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MBA student loan refinancing options
Compare our top 6 picks for getting a better deal after you graduate B-school.
6 best MBA student loan refinancing options
- First Republic: Best for low fixed rates
- SoFi: Best for networking
- Splash Financial: Best for competitive rates with good credit
- Earnest: Best for refinancing before you graduate
- Prodigy Finance: Best for international MBA students
- Purefy: Best for consolidating with your spouse
How we picked these providers
After reviewing nearly 30 student loan refinancing companies, we considered factors like rates, terms and eligibility requirements when coming up with this list — keeping in mind the average salary and debt load for an MBA graduate. We also considered different types of priorities, from saving on interest to consolidating with your spouse.
First Republic: Best for low fixed rates
- APRs: 2.25% to 3.5%
- Terms: 5 to 15 years
- Eligibility requirements: Have between $40,000 and $300,000 in student loans, 750+ credit score, 24+ months working in current industry, US citizen or permanent resident, First Republic checking account and access to a First Republic Bank branch.
This lender offers some of the lowest fixed rates out there — its maximum APR ends below the starting rate for some providers. Most MBA students graduate with enough debt to meet its relatively high debt requirements.
You need near-excellent credit and at least two years of work experience in your industry to qualify, however. And you have to apply in person, in one of the handful of states where First Republic has a branch.
SoFi: Best for networking
- APRs: to 6.43%
- Terms: 5 to 20 years
- Eligibility requirements: Must be an employed US citizen not living in Vermont with a minimum loan balance of at least $5,000.
SoFi offers some of the lowest variable rates out there — though its maximum APR is still not quite as competitive as First Republic. Aside from competitive rates, the real draw is the perks that come with being a SoFi member. This includes access to career coaches, wealth advisers and networking opportunities. Though you don’t technically need to be employed to qualify, you do need to have a job offer that starts in 90 days.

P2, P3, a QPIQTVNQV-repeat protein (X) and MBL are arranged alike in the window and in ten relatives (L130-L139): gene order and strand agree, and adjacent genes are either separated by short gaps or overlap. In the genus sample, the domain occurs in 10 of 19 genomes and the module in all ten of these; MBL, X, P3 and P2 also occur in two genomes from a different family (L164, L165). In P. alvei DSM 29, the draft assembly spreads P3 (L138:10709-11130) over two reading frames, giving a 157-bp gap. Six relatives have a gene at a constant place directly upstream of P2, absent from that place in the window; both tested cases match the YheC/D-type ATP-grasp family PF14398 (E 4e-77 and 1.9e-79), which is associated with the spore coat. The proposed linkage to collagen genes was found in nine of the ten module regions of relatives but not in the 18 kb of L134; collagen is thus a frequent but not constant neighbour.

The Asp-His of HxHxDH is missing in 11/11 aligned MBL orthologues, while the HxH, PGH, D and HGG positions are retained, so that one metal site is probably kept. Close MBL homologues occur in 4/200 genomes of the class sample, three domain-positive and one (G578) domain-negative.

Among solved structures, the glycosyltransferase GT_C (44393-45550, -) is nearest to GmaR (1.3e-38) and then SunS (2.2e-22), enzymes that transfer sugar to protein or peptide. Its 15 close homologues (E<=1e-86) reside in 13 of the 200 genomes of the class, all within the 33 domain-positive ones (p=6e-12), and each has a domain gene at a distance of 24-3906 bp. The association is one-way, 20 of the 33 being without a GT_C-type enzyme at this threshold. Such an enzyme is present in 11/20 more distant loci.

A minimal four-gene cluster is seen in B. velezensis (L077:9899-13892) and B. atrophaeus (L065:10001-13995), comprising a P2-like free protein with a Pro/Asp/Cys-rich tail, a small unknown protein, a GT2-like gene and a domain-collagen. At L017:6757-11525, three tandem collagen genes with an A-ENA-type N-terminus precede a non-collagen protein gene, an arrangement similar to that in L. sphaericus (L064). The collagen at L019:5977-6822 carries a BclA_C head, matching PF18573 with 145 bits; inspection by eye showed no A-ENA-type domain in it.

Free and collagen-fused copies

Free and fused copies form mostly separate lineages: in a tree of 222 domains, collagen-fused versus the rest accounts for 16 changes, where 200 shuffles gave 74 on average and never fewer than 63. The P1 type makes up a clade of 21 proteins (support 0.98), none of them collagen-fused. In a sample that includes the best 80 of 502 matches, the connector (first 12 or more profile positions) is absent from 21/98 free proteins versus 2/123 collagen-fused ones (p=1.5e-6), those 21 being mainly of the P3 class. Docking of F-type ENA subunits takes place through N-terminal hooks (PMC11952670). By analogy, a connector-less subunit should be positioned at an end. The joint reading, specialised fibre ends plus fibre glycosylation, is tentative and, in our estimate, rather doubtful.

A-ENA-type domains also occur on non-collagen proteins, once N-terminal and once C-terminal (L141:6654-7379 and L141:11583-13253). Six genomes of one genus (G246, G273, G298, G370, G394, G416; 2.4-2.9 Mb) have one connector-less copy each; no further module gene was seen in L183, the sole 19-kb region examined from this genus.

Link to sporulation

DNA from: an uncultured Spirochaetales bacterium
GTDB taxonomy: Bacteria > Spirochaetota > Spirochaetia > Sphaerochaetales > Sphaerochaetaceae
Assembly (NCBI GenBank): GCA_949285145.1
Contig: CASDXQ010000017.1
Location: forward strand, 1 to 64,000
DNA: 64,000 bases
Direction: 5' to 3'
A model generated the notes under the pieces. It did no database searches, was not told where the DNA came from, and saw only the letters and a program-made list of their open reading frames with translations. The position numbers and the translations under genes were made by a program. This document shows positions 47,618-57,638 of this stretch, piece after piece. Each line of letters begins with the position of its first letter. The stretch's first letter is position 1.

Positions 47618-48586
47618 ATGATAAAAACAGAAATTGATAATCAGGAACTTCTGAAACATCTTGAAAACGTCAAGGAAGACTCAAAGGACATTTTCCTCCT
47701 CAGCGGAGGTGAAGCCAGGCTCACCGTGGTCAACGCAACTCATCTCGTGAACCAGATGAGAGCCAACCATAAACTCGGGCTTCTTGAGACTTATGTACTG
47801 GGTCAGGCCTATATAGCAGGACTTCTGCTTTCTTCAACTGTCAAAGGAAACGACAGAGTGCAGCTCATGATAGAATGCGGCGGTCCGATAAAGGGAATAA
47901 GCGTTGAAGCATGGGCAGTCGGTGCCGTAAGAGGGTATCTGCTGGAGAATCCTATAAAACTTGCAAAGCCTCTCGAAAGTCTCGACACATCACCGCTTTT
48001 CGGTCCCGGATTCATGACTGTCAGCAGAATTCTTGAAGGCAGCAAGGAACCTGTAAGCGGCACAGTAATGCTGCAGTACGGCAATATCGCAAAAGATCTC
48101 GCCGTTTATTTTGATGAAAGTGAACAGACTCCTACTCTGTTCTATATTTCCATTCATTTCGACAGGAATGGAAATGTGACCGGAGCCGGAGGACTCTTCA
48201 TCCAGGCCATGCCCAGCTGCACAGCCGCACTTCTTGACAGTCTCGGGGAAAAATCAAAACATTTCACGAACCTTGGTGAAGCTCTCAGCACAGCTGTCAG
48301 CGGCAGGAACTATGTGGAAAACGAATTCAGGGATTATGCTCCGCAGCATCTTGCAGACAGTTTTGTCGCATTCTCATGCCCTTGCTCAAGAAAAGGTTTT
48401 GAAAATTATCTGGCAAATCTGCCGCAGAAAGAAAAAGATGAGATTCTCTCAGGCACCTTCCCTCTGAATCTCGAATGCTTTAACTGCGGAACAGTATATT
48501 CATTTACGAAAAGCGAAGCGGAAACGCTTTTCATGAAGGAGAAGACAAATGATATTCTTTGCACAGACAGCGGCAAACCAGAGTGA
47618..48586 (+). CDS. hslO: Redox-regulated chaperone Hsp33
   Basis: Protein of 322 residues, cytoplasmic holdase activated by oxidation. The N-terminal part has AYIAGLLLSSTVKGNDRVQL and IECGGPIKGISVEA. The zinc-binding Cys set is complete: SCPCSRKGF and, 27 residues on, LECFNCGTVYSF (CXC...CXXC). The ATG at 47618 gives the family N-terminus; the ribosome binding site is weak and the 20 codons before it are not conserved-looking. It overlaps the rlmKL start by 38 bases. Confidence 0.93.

It also has an online application and is available in every state but Vermont. But you’ll need strong personal credit to qualify.
Splash Financial: Best for competitive rates with good credit
- APRs: 1.89% to 6.66%
- Terms: 5 to 25 years
- Eligibility requirements:
Splash Financial is a connection service that works with a network of banks and credit unions that can get you rates as low as [NB CODE FOR MINIMUM APR]. It has lower credit and income requirements than First Republic and SoFi. And its providers have even more relaxed criteria if you can bring on a cosigner with strong credit.
Earnest: Best for refinancing before you graduate
- APRs: 1.99% to 5.64%
- Terms: 5 to 20 years
- Eligibility requirements: 650+ credit score, $5,000+ in student debt from a Title IV school, meet income and credit history requirements, live in an eligible state, US citizen or permanent resident, ages 18+
Earnest is one of the few lenders that allows you to refinance before you finish your degree — and could offer a particularly good deal if you have a Grad PLUS Loan. It also considers factors like your level of education and career when you apply for the loan, so your MBA might earn you a better rate. The downside is that it has tough credit requirements that you have to meet on your own — it doesn’t accept cosigners. It’s also not available in all states.